I’ve been working my way through a new book by N. T. Wright called The Day the Revolution Began, and I have a lot to tell you. This is the second post containing some of what I have learned. You can read the first post here. I hope you gain as much as I have.
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Sin is, as I asserted last week, not simply the breaking of God’s laws, but it is the worship of created things rather than the Creator. Sin is the turning over of our God-given power to those created things.
The cross is the rescue of God’s people, but not from His own wrath. Jesus’s death is not a man throwing Himself between an angry, righteous God and His people.
There is no wrathful God demanding blood.
Looking back at the Old Testament sacrificial system, the death of the animal was not the point. The actual killing of the animal was not even done on the altar as it was in most pagan religions in that day. The cutting of the animal’s throat was only the way to release the life of the animal, its blood, which was then used to cleanse the worshipers and the sacred place in which God was to meet them.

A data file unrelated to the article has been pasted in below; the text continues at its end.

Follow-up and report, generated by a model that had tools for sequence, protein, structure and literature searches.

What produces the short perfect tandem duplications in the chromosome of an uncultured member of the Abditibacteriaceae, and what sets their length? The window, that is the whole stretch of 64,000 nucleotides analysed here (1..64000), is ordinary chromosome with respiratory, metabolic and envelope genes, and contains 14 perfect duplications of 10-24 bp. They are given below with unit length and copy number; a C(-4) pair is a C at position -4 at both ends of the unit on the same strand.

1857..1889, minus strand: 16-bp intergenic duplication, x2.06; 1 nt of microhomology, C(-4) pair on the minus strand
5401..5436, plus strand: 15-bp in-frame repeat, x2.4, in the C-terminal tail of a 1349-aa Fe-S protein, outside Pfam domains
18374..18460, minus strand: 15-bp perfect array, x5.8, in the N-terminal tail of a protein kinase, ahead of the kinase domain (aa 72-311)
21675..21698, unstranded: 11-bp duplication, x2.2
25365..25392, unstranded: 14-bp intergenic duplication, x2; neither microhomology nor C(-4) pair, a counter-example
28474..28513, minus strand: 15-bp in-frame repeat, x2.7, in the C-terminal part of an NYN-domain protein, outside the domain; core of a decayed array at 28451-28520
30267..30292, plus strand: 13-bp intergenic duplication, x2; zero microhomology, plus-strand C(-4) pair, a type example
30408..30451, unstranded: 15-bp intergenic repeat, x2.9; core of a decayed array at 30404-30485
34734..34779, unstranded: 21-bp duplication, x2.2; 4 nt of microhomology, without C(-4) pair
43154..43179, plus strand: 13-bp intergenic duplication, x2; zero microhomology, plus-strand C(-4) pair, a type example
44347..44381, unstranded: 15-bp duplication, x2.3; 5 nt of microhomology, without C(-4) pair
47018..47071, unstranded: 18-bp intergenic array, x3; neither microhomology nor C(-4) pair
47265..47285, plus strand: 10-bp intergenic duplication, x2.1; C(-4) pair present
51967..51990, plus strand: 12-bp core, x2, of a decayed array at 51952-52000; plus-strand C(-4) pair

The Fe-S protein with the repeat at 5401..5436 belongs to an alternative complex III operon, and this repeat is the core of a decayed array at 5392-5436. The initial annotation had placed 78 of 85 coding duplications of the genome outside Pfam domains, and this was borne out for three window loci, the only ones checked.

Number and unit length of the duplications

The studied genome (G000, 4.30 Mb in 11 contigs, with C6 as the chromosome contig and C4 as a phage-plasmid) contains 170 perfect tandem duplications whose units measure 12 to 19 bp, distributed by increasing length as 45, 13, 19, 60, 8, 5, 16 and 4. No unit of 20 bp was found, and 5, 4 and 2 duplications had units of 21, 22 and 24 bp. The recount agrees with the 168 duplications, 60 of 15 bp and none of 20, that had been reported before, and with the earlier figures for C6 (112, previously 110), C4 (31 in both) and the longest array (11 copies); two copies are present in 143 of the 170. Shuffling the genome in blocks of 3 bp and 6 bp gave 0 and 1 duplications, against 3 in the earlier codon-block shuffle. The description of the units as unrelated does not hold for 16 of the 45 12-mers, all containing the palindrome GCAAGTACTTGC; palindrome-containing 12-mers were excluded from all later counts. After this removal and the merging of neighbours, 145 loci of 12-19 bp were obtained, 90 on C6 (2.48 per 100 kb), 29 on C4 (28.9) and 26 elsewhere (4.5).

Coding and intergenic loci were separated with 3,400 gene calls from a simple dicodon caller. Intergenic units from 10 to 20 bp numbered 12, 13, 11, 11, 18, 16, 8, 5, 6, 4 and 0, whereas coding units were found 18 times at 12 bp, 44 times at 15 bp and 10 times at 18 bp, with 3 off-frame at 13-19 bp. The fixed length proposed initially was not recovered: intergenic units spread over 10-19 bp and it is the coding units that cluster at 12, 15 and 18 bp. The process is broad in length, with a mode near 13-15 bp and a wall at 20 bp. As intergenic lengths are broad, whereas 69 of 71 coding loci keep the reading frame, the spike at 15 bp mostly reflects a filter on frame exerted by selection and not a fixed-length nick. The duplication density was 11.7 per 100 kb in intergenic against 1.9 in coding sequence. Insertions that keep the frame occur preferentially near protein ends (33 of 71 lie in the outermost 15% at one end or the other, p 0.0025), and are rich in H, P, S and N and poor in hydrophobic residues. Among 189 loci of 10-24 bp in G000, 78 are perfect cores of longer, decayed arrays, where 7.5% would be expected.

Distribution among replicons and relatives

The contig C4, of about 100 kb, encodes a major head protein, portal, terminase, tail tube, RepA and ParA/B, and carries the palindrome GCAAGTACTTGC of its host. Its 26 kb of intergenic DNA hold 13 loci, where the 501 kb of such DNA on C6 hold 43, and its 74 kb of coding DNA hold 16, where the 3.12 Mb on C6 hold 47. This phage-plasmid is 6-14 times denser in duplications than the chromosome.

The coming together of heaven and earth is a dangerous occurrence. This cleansing by blood enabled “the all-holy God to meet with his people without disastrous results.”
This meeting happened on the mercy seat.
The same word used to describe Jesus in Romans 3.
The place where God meets with His people who are covered by blood.
Back to the idea of death being a punishment dealt by a just and angry God, the only time a ceremony under the Old Testament system involves an animal having sins confessed over its head, the “scapegoat” is explicitly not killed, but is driven out into the wilderness.
It is exiled.
Which is precisely the result of Sin.
From Adam and Eve being exiled from the garden to Israel being exiled to Babylon to the ultimate exile of death, exile from the presence of God is the natural consequence of worshiping the created thing rather than the Creator.
The natural consequence, not the angry punishment.
We need a rescue, yes, but not from the wrath of God. We need a rescue from our own exile.
We need, in short, an Exodus.
In Jesus, on the cross, we find not a wrathful God demanding blood, but a covenantal God taking the force of sin on Himself.
All quotes are from The Day the Revolution Began by N. T. Wright
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